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Ender's Manipulation Analysis

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The Manipulation of Ender The book, Ender’s Game, is a book full of interesting events. A six year old boy named Ender Wiggin goes to Battle School, where he is continually tested and trained to become an elite commander. He succeeds at Battle School and eventually goes to Command School, where he leads his army to victory over the bugger troops. Because of this, the world is safe from being destroyed by the buggers. Even though Ender and his fleet are successful in defeating the buggers, Ender’s intelligence and skill is taken advantage of throughout the book. The I.F. takes away most of the freedom that Ender is entitled to and they manipulate him to do what they want him to do. This manipulation is quite evident throughout Ender’s Game.…show more content…
This starts from the very beginning of the book. At the beginning of the book, Ender is given the choice by Colonel Graff, whether or not he wants to attend Battle School. Even though he is given a choice, because the I.F. continually monitored Ender for three years, they know how he is likely to react under most circumstances, as seen in this quote, “You live inside somebody for a few years, you get used to it...I’m not used to seeing his facial expressions. I’m used to feeling them (Card 39). This quote comes directly from Colonel Graff, who ultimately monitored Ender the most. Thus, they knew that he would most likely agree to going to battle school. Another example of manipulation from early in the book is when Ender beats up Stilson, who bullies him. Unbeknownst to Ender, Ender actually beat Stilson to his death. The I.F. selectively does not tell Ender this information. Later on in the book, Ender beats up somebody else to the point of death; his name is Bonzo. Like before, the I.F. also does not tell Ender this information, as seen in this quote, “At least they had the good sense not to tell Ender that the boy died” (266). The reason for this is because after monitoring Ender for three years, the I.F. knows that Ender has compassion. Thus, if they told him that he had committed murder twice, it would devastate Ender. This would not be good for the I.F., because Ender…show more content…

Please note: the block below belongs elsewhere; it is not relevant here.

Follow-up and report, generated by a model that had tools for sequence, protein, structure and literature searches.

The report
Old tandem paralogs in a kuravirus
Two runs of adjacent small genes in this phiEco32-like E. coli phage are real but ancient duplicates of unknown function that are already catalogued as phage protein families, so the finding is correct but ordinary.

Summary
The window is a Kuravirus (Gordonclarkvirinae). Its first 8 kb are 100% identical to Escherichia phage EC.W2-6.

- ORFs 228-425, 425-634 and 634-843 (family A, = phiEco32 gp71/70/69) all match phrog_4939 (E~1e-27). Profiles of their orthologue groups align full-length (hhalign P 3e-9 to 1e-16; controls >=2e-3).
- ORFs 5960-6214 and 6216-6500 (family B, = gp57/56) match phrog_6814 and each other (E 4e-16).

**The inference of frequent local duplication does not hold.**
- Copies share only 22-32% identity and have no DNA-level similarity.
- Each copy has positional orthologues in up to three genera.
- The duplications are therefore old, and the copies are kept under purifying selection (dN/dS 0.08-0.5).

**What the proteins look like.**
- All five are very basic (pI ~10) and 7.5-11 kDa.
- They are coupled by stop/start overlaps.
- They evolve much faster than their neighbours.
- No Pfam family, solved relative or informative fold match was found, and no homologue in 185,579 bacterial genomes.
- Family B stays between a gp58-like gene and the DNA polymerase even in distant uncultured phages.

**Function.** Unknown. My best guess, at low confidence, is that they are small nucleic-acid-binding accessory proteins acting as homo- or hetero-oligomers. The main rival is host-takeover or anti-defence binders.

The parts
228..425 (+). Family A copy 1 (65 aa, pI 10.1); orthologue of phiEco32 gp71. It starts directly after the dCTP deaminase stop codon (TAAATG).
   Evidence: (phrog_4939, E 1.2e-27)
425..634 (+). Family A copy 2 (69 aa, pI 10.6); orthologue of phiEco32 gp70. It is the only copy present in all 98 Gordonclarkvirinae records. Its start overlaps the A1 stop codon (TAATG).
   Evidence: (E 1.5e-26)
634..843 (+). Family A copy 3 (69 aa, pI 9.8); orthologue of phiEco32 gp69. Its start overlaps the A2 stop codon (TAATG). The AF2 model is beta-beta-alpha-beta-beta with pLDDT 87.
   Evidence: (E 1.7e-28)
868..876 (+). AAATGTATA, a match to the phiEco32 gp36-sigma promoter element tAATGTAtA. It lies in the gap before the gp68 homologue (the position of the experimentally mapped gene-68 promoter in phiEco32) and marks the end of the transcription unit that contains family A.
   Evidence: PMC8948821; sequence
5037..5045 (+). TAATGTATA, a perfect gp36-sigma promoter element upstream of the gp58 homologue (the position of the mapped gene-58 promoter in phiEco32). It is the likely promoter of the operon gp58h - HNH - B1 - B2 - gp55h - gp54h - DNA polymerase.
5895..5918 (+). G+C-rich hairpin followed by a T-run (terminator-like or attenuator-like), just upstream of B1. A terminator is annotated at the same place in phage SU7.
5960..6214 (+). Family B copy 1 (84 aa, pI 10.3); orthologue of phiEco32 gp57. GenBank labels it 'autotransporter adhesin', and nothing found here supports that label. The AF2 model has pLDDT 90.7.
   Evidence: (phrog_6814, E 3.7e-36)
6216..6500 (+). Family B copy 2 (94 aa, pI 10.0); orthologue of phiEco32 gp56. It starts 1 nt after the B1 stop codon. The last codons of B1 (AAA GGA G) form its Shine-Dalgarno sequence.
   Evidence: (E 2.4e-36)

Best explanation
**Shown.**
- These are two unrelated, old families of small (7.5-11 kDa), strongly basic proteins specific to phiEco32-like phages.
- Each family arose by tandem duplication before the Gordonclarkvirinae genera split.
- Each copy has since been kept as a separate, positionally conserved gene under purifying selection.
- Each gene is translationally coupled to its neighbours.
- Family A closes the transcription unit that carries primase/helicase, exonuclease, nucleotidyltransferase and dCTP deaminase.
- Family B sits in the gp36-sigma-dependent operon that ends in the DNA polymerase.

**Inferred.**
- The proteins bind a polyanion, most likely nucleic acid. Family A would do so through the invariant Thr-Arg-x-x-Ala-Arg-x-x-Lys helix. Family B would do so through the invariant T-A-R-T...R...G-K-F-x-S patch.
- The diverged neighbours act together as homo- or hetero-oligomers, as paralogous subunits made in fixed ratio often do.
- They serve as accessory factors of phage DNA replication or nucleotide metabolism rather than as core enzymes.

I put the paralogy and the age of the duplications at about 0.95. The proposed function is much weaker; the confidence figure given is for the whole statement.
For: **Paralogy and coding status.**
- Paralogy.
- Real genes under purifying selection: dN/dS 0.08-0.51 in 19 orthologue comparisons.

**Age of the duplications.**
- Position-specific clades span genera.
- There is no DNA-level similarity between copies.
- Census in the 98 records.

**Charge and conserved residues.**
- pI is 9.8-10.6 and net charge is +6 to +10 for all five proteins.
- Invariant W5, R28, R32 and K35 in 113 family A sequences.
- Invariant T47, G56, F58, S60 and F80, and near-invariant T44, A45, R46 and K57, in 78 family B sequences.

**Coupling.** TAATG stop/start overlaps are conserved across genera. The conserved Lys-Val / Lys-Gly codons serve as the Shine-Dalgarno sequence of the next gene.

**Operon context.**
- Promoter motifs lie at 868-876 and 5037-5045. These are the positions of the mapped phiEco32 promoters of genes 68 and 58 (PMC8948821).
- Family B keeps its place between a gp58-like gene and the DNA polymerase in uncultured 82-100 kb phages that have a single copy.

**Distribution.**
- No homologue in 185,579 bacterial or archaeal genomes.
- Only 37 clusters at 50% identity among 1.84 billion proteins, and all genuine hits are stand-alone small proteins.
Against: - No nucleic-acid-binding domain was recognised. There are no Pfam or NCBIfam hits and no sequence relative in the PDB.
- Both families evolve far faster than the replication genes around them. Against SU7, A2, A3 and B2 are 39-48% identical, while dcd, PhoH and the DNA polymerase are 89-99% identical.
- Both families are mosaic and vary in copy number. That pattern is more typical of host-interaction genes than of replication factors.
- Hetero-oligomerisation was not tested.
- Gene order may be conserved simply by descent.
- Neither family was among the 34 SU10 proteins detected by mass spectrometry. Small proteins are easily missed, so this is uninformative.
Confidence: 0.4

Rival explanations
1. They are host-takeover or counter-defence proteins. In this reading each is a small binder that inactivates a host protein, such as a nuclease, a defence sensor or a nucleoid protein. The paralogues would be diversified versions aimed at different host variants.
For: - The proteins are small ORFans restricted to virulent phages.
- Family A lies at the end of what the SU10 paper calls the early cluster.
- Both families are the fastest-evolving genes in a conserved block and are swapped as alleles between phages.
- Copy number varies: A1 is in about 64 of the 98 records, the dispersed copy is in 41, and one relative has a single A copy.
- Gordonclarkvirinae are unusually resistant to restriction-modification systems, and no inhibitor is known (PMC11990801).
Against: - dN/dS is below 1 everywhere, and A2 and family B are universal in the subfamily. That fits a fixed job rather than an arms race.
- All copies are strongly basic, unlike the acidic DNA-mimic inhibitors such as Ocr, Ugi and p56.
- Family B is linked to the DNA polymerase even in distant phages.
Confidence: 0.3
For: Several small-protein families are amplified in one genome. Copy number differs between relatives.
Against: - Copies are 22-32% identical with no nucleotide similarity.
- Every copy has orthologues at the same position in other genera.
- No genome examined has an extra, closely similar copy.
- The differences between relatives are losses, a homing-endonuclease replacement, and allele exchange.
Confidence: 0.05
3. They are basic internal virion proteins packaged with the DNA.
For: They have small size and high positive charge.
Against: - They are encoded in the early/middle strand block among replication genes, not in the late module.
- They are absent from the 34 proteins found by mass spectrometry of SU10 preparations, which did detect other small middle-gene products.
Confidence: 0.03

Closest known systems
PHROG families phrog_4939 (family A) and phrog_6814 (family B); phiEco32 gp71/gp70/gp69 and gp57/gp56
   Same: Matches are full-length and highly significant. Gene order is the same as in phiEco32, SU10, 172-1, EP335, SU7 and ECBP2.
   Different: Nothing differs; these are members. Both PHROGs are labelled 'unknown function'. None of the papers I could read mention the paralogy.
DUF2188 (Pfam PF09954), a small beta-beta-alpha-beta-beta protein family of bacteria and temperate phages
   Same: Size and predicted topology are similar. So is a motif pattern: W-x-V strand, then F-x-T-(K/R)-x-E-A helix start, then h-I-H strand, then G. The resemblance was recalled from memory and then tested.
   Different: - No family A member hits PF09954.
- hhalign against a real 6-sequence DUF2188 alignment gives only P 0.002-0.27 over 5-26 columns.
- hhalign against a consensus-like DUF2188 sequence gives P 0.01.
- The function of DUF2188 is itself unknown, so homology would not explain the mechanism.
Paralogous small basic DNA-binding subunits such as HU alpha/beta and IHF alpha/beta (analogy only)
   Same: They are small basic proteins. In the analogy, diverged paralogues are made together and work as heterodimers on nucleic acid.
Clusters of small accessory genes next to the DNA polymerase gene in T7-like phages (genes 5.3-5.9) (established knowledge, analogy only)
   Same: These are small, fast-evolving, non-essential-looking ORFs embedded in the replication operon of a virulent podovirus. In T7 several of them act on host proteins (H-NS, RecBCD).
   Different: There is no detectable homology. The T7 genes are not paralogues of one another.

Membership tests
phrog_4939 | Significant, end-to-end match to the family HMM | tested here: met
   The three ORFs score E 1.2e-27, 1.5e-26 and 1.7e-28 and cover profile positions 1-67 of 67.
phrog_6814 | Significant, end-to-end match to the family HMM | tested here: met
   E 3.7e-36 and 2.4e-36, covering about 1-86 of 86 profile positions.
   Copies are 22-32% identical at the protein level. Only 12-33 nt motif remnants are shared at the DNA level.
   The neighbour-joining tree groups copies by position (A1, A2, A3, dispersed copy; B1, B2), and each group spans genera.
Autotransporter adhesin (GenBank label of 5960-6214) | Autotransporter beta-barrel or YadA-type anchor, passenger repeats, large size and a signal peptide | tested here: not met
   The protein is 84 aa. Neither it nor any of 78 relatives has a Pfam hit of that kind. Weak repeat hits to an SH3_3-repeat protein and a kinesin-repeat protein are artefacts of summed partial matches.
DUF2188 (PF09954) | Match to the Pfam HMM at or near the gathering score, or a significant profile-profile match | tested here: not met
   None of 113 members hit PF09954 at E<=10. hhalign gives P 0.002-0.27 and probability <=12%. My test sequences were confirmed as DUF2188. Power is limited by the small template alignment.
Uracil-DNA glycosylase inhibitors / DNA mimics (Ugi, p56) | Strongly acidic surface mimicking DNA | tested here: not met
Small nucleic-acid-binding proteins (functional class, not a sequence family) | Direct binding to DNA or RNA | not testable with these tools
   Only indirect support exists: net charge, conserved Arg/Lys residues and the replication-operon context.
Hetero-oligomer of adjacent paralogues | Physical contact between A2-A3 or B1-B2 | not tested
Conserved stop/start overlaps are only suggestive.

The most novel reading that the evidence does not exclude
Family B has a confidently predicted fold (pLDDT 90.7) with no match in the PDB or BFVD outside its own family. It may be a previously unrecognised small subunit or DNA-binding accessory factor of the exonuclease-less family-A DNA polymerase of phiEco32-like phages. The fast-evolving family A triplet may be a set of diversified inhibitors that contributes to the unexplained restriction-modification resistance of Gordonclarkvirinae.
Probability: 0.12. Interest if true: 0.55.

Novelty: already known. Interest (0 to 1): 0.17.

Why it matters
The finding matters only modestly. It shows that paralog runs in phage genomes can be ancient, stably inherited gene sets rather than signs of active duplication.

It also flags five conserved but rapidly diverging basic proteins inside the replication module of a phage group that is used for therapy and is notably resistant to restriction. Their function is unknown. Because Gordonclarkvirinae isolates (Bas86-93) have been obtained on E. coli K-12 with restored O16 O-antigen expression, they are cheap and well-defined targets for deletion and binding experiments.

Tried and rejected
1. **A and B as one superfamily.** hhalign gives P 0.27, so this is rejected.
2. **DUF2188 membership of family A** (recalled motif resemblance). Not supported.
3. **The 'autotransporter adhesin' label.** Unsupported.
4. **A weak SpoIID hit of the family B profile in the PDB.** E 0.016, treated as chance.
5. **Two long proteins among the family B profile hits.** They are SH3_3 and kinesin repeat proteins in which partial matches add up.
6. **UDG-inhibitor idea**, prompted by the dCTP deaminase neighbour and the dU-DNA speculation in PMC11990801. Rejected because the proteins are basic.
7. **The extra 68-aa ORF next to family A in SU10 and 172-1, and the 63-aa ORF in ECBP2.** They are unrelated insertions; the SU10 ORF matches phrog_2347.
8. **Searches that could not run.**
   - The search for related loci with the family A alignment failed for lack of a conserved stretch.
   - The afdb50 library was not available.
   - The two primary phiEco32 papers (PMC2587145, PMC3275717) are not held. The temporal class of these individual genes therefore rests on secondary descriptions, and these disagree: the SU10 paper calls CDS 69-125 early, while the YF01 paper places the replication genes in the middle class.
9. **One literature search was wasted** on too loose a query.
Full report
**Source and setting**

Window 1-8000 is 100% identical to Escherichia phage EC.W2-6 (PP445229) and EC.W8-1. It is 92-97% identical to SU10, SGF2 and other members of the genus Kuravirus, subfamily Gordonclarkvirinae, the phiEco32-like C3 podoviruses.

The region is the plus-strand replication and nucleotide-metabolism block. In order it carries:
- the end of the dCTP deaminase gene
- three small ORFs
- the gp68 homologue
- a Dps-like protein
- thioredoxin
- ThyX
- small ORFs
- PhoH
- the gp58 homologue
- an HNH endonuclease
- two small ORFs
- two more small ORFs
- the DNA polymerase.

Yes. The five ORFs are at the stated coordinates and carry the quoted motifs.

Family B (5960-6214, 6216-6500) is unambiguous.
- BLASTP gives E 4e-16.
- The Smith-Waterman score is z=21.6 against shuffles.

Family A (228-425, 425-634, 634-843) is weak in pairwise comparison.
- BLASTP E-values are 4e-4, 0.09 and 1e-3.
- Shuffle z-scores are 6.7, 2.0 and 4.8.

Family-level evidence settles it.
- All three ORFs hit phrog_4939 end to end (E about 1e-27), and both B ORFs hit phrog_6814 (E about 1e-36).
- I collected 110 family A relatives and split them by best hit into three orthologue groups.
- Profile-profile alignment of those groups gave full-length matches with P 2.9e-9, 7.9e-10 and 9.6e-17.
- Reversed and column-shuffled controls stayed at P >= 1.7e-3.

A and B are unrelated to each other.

For example, in chapter twelve, Ender and his Dragon Army battle against, not just one army, but two. Those armies are the Griffin Army and the Tiger Army. This is out of the customary, because in a normal battle, one army would face off against another, instead of one army versus two. Not only that, but Ender and his army enter the battle tired and exhausted, because they had just battled other armies every previous day of the week. This too, is out of the customary, because usually there is time for recovery and rest between each battle. Ender says, “I can’t do this” (252). Despite this, Ender and his army win the battle, which is exactly what the I.F. desired. The I.F. are more concerned about Ender receiving all of the training that he possibly can, so that he could be ready to fight the buggers sooner than later. This form of manipulation comes at a cost to the physical health of Ender. It leaves Ender continually exhausted, which is not good for a growing boy, like Ender. Another prime example of manipulation late in the book is when Ender defeated the buggers. Ender is deceived into thinking that he is playing a simulated war, instead of the actual war. Ender is quite mad when he finds out after the fact, as seen in this quote, “You never asked me! You never told me the truth about anything!” (342). Although Ender is mad that he is not told that he is
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